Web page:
“If the doors of perception were cleansed every thing would appear to man as it is, Infinite.” – William Blake
The friendly headlamps and grill of a car. A sly electrical outlet. The full moon gazing back at you. A strangely anthropomorphic cloud. A house with personality.
The human brain is so good at recognizing faces that it sees them everywhere … even where they’re not. The perception of faces and other patterns from orderless “noise” is known as pareidolia, and it is a common, everyday experience for human beings. The Swiss psychologist Herrmann Rorschach developed his eponymous inkblot test in hopes that pareidolia might shed insight into the mental state of individuals presented with ambiguous stimuli. Many types of pareidolia are possible – this is well known to the medical student who suddenly perceives spinal cord sections in tree stumps. While it is possible that exact patterns perceived in pareidolia give us deep insight into ourselves, tests like the Rorschach inkblot test remain controversial. Perceiving Jesus in a burnt piece of toast speaks much to one’s religious inclinations, but the typical pareidolia evoking the perception of nondescript faces probably does little more than remind one that he or she is human. The ability to recognize faces is crucial for social beings like ourselves and has undoubtedly been strongly selected for in our ancestors. If human beings ever encounter alien intelligence, perhaps we should give them inkblot tests to see what shapes their brains have evolved to recognize!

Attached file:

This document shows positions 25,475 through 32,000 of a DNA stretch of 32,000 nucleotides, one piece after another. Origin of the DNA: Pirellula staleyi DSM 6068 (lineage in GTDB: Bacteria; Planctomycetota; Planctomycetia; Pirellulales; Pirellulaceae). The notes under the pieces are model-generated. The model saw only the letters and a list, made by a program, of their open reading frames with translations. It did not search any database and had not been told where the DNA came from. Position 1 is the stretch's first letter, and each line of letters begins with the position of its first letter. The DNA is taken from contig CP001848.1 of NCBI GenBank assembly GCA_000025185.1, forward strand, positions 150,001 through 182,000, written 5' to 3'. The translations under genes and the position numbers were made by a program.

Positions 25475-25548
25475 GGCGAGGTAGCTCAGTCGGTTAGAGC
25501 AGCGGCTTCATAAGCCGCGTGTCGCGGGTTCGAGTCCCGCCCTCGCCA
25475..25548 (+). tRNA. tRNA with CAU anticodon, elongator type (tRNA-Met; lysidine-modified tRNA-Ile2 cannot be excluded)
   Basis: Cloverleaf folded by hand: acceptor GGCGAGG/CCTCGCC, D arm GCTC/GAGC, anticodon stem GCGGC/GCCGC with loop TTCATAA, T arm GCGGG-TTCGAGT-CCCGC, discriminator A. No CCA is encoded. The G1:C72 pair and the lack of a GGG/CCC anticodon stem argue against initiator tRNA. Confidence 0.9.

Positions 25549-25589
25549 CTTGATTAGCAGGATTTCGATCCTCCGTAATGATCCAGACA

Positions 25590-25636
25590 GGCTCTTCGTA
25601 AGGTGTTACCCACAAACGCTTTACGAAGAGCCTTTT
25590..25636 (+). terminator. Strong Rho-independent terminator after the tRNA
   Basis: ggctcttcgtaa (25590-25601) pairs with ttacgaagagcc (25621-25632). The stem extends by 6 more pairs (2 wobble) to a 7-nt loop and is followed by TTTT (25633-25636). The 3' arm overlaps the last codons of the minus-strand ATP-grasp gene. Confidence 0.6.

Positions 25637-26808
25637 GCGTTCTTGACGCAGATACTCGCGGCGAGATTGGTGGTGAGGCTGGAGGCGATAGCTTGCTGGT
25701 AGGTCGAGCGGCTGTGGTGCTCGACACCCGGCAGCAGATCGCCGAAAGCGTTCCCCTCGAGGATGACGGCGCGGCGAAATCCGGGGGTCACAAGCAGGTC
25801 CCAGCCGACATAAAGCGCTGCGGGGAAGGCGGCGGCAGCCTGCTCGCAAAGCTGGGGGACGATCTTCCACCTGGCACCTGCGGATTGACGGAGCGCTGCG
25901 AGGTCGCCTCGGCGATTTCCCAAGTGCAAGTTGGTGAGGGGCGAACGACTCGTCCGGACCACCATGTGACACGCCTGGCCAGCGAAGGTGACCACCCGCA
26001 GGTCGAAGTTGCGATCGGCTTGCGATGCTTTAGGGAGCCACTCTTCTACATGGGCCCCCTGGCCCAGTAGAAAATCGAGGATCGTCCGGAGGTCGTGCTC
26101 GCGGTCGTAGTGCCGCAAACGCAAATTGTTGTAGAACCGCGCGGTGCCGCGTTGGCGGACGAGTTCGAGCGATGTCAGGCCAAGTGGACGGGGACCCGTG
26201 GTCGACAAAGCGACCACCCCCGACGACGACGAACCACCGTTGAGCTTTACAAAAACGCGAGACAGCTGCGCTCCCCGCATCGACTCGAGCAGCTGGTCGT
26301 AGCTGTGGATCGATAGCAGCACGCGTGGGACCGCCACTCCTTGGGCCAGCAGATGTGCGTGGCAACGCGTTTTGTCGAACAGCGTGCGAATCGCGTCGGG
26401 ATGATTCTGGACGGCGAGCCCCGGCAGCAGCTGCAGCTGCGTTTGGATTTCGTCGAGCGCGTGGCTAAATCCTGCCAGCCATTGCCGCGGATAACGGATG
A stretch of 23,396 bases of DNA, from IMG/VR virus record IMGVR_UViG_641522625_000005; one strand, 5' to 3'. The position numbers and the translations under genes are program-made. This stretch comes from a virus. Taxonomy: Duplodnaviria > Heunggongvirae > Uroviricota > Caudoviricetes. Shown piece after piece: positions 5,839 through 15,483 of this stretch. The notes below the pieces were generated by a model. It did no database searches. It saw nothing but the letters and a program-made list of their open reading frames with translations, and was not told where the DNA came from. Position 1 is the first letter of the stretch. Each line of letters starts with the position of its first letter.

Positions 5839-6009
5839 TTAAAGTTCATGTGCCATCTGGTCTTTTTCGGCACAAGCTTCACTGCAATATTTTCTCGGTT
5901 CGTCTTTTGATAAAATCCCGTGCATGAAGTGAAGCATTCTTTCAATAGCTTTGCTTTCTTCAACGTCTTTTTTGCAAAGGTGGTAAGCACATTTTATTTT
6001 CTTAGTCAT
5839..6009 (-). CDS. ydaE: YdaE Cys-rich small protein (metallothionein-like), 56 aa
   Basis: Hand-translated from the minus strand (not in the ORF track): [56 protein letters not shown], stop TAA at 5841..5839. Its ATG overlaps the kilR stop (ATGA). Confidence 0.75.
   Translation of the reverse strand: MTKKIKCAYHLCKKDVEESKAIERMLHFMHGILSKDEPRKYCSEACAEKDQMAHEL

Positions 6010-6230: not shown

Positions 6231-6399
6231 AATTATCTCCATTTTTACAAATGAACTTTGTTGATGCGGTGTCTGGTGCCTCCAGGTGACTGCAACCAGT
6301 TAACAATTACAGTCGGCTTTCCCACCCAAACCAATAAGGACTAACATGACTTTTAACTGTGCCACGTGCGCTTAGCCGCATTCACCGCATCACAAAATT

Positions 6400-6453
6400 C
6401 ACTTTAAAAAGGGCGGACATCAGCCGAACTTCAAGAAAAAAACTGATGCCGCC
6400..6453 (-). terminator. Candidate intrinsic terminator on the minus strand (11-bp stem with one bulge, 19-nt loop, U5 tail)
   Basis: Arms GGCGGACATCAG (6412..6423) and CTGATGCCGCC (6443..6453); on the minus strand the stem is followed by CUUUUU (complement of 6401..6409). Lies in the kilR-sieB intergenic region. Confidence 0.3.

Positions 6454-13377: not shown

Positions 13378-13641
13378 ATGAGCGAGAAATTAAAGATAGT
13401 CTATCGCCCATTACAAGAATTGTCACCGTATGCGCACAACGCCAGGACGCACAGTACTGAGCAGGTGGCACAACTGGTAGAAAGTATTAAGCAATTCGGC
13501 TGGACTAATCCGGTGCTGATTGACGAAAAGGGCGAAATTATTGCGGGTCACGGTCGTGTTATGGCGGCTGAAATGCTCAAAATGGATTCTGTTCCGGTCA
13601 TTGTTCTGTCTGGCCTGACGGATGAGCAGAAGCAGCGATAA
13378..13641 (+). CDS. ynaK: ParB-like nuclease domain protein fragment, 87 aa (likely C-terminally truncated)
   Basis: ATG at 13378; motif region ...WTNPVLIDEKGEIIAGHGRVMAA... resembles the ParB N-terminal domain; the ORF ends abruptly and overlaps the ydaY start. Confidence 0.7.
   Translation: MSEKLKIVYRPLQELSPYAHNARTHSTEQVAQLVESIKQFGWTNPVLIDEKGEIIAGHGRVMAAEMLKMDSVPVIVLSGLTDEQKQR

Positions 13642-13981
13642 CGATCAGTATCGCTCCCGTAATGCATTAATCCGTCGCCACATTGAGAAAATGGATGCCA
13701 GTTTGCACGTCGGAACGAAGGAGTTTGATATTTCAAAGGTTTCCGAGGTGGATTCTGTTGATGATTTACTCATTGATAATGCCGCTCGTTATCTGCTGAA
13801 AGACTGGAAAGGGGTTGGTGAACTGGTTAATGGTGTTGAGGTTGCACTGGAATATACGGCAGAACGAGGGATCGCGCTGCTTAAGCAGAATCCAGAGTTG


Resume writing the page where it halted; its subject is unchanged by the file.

It is perhaps no wonder that a large piece of cortical real estate known as the fusiform face area is devoted to facial recognition in the human brain. Magnetoencephalogram (MEG) recordings of functional brain activity–localized to the cerebral cortex with the aid of magnetic resonance imaging (MRI) – show that pareidolia involves activation of the fusiform face area just 165 milliseconds after a face-like object is presented to a subject. This finding demonstrates that pareidolia can be an automatic and unconscious phenomenon, as opposed to over-analysis of an ambiguous stimulus after rumination. Knowing that a large piece of cortical anatomy is specialized for facial recognition tells us this function is important for the brain, but it does little to inform us as to how facial recognition is actually accomplished in neural circuits. To go deeper, we need to understand the concept of autoassociative memory. You’re probably familiar with associative memory: the idea that one stimulus will retrieve the memory of another stimulus with which it is environmentally correlated. This is accomplished thanks to Hebbian learning, the principle that neurons which fire together wire together. Neural patterns of activation representing the color red co-occur with patterns of activation representing the concept fire truck, such that red in isolation will retrieve the memory of a fire truck and vice versa. Autoassociative memory is a similar principle by which part of a stimulus will retrieve the memory of the whole. For instance, you can probably fill in the blank “Four score and ____ years ago” thanks to autoassociative memory.